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What is a Chronometer Watch?

10/31/2013 4:10:43 PM | by Anonymous


A chronometer watch is a type of watch that has been tested by and met with the standard criteria for the precision of the Contrôle Officiel Suisse des Chronomètres (COSC), the Official Swiss Chronometer Testing Institute. It is important that a chronometer watch must not lose more than four or gain more than six seconds per day. About one million watches are certified as chronometers every year. This makes up a total of 3% Swiss watch productions. These types of watch are typically made of high quality materials and parts.


A certified chronometer is a high precision watch that is capable of displaying the seconds. They have been tested and certified by the official neutral body. Each chronometer watch is unique to its own. They are identified by a number that is engraved on its movement and a certification number that is provided by the COSC. Each movement is individually tested for days in different temperatures and positions. Any watch with the denomination “chronometer” is provided with a certified movement.


The COSC states that a timepiece has to meet the standards that are compiled under a rubric known as the ISO 3159 in order to be called a chronometer watch. In the 15 day test process, a particular watch movement is measured at five different positions at three different temperatures. Seven of the criteria have to be met in order to be certified as a chronometer watch. The seven criteria include:


1. Consistency in the average rate over the initial 10 test days

2. Mean variations in time

3. The largest difference between two days readings at a single position

4. The difference between the rates in vertical and horizontal positions

5. The largest difference between the mean daily rate and any individual rate during the initial 10 days of testing

6. The temperature error of the movement that is measured in seconds per degree

7. Rate resumption


Rate resumption is calculated by the subtraction of the average mean daily rate from the first two days of testing, inclusive from the mean daily rate of the last test day. Each of the testing measurements is then compared against the atomic clocks to ensure absolute accuracy. A watch is only then certified to be chronometer after meeting all the requirements that have been set.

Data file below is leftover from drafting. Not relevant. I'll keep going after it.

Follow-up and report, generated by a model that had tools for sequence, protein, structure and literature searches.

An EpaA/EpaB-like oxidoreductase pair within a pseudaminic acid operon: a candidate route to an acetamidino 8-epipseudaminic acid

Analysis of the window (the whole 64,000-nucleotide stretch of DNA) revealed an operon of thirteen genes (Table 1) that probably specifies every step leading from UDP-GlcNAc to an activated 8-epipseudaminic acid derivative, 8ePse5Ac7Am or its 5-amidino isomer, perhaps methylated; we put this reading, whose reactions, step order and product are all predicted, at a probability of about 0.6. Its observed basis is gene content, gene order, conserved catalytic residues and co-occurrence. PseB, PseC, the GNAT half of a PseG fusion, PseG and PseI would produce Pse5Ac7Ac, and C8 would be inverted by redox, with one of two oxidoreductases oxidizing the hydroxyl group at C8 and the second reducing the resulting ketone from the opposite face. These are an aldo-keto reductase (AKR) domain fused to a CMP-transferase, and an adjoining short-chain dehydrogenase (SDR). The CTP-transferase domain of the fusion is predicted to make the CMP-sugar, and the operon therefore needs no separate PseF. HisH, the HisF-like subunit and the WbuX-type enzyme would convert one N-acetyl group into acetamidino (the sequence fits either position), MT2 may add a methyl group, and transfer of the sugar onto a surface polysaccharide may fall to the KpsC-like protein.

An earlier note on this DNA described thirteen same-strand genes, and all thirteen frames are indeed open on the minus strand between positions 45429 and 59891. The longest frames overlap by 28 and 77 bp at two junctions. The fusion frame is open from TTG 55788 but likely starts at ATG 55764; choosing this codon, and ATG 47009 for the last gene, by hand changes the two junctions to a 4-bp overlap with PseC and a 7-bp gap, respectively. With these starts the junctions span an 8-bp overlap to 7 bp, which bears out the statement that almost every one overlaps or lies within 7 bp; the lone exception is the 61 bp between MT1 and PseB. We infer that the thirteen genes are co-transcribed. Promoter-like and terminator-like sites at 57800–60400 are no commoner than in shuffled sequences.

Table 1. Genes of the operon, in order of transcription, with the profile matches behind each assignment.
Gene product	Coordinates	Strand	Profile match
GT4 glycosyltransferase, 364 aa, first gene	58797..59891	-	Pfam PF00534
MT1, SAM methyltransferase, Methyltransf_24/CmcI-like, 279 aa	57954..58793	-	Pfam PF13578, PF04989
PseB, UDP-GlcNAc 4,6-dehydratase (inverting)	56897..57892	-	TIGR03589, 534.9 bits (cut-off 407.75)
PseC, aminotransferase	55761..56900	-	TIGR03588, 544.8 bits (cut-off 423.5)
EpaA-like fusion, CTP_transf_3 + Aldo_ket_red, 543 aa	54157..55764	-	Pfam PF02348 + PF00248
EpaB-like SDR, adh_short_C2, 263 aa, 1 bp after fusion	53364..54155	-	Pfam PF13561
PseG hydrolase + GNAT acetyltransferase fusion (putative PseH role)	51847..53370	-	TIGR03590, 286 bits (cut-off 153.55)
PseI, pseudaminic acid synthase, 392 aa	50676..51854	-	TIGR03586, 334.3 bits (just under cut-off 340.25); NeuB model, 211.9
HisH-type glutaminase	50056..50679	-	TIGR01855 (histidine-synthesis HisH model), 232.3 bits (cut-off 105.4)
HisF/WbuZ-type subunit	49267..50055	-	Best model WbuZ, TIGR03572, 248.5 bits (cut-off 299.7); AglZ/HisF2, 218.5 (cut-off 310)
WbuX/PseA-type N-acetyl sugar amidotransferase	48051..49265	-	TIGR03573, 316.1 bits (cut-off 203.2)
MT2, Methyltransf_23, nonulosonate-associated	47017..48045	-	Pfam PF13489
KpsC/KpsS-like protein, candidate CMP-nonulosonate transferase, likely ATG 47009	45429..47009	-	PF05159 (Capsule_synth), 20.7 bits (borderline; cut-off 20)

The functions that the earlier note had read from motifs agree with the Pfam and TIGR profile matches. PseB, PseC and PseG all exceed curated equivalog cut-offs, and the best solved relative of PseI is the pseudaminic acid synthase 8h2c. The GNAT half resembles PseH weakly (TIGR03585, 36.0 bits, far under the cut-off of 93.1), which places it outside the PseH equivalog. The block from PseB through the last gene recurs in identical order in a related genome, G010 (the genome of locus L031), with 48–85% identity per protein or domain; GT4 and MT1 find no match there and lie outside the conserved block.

On top of just meeting these stringent requirements, a chronometer watch must also incorporate rare components in order to increase their precision and efficiency. This would include sapphire or ruby jewel bearings to decrease the friction and wear and tear of the pivots as well as exotic metals for example platinum or titanium that are taken advantage of their prestigious outlook.


These timepieces would commonly include one or more features that are known as complications. This can range from a perpetual calendar to a display that shows the phases of the moon. Complications as inferred from the name are built within the watch mechanisms and contributed to its complexity.


Though it is not technically a complication according to most watch makers, the most famous of these mechanical additions are the tour billion. It is French for whirl wind. The tour billion was originally designed to counter the effects of gravity when a watch movement was rotated.


However, in today’s use they are largely relegated to ornamental statuses. Tours billions are still seen as the most expensive and complex types of chronometer watches till date which explains why they are often left exposed to display their inner workings.


Through the development of quartz movement from the 1960s to the 1970s, it has made the chronometer watch obsolete from the technical standpoint as they continue to enjoy the healthy sales revenue due to their precision engineering and aesthetic qualities.


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